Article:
When we think of Connecticut we may think of rambling old estates and the sweet breezes of summer in the country. However, Connecticut boasts more to understand than the simple pleasures. Connecticut DUI law is well worth knowing about for anyone who plans to spend as little as a summer or as much as a lifetime in the New England state.
A driving under the influence charge, or DUI, is sometimes referred to as a driving while intoxicated, or DWI charge. In Connecticut, as in many other states, the two terms are interchangeable. Also, just as in many other states, a charge of DUI or DWI will trigger two separate cases in Connecticut. One is a criminal case in which the defendant is prosecuted for the illegal DUI behavior. The other is the Connecticut Department of Motor Vehicles hearing in which the Connecticut DMV seeks to enforce its own punishment against the party accused.
The DMV case usually follows an automatic suspension of the arrestee's driving privileges. Anyone seeking to avoid the automatic suspension of his driving privileges after a Connecticut DUI arrest must request a hearing within seven days. If granted, this hearing will determine whether or not and to what extent the driving privileges of the arrestee are to be restricted or suspended.
A driver arrested in Connecticut on a DUI charge may be prosecuted under two different legal theories: the illegality of driving under the influence and the per se laws. The first theory makes it illegal to operate a car under the influence of drugs, alcohol, or any combination of drugs and alcohol. The state will need to present evidence of erratic driving patters, failure to satisfactorily execute field sobriety tests, or failure to give satisfactory results in a chemical test situation. Any of these is sufficient to prove a DUI in Connecticut and anyone arrested for a DUI will be required to submit to a test of breath or blood in order to establish the chemical test results.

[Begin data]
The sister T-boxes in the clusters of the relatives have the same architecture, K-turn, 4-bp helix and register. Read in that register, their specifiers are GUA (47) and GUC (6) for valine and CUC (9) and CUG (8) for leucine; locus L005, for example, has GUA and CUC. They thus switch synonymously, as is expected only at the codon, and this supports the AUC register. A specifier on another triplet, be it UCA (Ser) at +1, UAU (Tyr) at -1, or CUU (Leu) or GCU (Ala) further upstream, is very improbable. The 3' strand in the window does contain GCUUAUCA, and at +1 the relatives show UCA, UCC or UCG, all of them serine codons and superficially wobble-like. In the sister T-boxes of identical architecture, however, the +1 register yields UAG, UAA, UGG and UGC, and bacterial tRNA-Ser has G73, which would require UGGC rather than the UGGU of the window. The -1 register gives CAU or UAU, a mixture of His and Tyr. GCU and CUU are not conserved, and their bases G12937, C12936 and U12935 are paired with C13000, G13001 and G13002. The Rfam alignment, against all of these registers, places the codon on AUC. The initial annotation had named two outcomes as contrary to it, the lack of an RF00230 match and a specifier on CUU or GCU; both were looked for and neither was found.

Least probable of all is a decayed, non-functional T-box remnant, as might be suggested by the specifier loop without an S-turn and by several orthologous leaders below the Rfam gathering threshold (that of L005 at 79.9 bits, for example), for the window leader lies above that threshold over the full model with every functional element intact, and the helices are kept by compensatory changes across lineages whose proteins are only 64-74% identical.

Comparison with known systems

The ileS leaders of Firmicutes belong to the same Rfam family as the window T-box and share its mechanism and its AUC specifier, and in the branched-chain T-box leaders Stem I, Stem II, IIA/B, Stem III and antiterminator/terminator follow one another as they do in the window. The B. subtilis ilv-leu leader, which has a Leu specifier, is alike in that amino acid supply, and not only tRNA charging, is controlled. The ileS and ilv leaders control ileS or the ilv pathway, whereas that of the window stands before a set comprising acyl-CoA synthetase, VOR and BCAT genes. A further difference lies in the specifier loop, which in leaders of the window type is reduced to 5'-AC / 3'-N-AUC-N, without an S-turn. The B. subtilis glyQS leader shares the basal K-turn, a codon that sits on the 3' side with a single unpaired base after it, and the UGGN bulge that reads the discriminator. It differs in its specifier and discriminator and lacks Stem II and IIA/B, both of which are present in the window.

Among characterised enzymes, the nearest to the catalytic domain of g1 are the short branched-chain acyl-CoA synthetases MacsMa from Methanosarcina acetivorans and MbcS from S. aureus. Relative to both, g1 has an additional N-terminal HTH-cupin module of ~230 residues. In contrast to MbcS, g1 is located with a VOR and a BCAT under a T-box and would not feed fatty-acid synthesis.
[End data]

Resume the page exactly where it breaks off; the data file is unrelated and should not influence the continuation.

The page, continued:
It is the chemical test results that determine whether or not the state will charge an arrestee with a per se violation in addition to the illegal driving violation. If a person is operating a vehicle in Connecticut and he or she has a blood alcohol content (BAC) of .08 percent or greater, he or she will be found per se guilty of a DUI violation. At BAC .08 percent, a per se violation will be found even if a person appears capable of executing field sobriety tests or engaging in other normal conduct.
Any person who refuses to submit to a test of his or her breath or blood will be subject to a minimum of a six-month DMV license suspension. Because of the rigorous nature of the Connecticut DMV policies, it is essential that anyone driving in the state be familiar with DUI policies.
According to Connecticut law, a DUI will remain on a person's record for ten years. As in most other states, the punishments increase in duration and severity for each additional offense. A first time offense carries with it a fine typically between $500 and $1,000, a jail sentence between 48 hours and six months, and a license suspension of up to one year.
A second offense in the same 10-year period carries with it a fine between $1,000 and $4,000, a jail sentence between 120 days and two years, and a license suspension of either three years or until the party reaches 21 years of age - whichever period of time is longer.
At the third infraction, Connecticut becomes even stricter, with a fine between $2,000 and $8,000, a jail sentence between one and three years, and a permanent license revocation. The DMV has its own policies regarding license suspension and revocation and these policies will generally work in concert with the ruling of the court in order to appropriately punish offending individuals.